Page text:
SMU Lyle alum takes on leadership role at Amazon’s space initiative, Project Kuiper
SMU Lyle alumnus Noah Bartos (’18) takes tremendous pride in his role as a project lead in the growing field of space technology at one of the world’s largest companies.
Noah works in Redmond, Washington, as the technical program manager for Project Kuiper, a satellite broadband network in development at Amazon. He works on spacecraft propulsion in this role, which blends computer science with his degree work in mechanical engineering.
“Being able to actually know how to do jobs and have those soft skills like communication, project organization, and project management are starting to become more important now that I’m a few years in,” Noah said. “I was really fortunate to have an awesome start to my career, and I’m really grateful for everything SMU Lyle was able to offer to give me that launchpad.”
Noah credits the knowledge and expertise he cultivated at SMU Lyle with informing his work.
“The technical program manager role was an awesome thing to find after my initial designer role,” Noah said. “I'm really happy with the role; it gives me a good foundation to make that determination in a few years whether I want to go down the people manager route, stay in program management, or maybe go more of an executive track.”
Noah’s passion for engineering took root in high school robotics competitions, where he learned design and build skills that translated well to SMU Lyle, where he majored in Mechanical Engineering and Mathematics before entering the master’s program in Systems Engineering.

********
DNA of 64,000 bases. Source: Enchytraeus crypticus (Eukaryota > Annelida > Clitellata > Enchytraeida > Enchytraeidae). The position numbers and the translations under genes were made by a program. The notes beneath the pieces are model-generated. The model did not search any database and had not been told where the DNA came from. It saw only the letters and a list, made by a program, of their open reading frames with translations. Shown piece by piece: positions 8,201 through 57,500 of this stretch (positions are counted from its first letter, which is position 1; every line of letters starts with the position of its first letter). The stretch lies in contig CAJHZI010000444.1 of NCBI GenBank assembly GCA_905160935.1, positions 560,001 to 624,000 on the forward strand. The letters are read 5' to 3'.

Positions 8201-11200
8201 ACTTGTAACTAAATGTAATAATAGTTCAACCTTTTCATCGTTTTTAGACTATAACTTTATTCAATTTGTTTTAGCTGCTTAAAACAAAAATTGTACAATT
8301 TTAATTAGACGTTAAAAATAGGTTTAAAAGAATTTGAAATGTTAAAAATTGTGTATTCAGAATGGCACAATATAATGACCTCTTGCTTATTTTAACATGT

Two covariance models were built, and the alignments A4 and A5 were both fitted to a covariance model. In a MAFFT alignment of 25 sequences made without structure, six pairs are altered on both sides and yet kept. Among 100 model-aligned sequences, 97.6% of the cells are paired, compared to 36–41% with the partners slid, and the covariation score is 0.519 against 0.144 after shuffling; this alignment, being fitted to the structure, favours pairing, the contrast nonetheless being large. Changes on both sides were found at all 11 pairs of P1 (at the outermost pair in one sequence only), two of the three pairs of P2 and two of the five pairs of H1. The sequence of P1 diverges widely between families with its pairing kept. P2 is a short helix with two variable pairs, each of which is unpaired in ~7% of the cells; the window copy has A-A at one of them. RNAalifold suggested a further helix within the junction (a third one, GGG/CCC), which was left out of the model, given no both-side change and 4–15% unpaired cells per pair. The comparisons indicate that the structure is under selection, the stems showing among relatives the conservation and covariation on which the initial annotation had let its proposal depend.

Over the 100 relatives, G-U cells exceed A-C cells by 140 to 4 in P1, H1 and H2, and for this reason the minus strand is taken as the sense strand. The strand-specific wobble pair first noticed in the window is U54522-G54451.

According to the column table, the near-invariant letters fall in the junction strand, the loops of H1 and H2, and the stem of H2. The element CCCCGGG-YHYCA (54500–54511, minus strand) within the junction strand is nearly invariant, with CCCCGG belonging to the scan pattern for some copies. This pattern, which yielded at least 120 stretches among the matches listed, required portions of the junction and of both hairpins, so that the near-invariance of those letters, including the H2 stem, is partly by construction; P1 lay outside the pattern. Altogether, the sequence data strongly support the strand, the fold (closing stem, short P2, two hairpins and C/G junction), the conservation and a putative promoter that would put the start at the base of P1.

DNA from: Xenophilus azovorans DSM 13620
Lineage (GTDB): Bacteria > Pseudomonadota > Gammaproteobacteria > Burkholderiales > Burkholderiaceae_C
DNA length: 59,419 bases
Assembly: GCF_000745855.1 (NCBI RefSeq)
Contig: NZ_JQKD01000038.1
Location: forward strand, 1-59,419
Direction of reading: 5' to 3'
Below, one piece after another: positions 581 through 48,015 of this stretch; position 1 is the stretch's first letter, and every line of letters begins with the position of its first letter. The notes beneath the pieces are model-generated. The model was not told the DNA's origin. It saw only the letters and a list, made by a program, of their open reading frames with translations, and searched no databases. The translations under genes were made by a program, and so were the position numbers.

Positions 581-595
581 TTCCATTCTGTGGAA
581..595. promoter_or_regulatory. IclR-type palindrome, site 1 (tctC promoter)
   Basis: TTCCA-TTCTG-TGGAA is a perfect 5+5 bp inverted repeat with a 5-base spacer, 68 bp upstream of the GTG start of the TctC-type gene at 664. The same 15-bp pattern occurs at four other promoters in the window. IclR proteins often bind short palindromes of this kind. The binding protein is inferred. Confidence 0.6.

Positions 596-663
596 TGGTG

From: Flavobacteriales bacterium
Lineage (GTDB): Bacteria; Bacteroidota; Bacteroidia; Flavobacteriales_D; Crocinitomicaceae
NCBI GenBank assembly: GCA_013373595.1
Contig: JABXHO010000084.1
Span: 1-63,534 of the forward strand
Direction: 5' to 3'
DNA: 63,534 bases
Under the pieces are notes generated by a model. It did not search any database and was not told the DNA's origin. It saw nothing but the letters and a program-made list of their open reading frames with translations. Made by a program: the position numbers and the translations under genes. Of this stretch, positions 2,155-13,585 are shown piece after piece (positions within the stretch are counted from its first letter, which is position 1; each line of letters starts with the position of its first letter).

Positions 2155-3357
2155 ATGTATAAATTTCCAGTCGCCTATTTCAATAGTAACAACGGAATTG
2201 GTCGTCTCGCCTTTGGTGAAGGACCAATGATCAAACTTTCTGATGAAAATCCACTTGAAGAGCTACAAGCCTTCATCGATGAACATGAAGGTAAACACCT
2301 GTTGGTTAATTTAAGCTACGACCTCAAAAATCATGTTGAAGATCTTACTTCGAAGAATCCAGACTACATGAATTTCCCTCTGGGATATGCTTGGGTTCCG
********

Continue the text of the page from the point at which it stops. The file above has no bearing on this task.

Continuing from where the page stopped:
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Dr. Paul Krueger, chair of SMU Lyle’s Mechanical Engineering Department, served as the advisor for Noah’s senior design group, which built the rocket.
“Noah began his project management experience with his work on the rocketry project,” Dr. Krueger said. “He helped organize and inspire the team, and managed the various components of the project to ensure they produced a viable rocket by the end of the year.”
During his time at SMU, Noah participated in multiple internships with top international companies like Boeing and PepsiCo. Upon graduation, he moved to Denver, Colorado, to become a full-time mechanical and propulsion designer at United Launch Alliance. He took a side volunteer role as a mentor and coach for a local high school’s competitive rocketry team, challenging students as he had been challenged at SMU Lyle.
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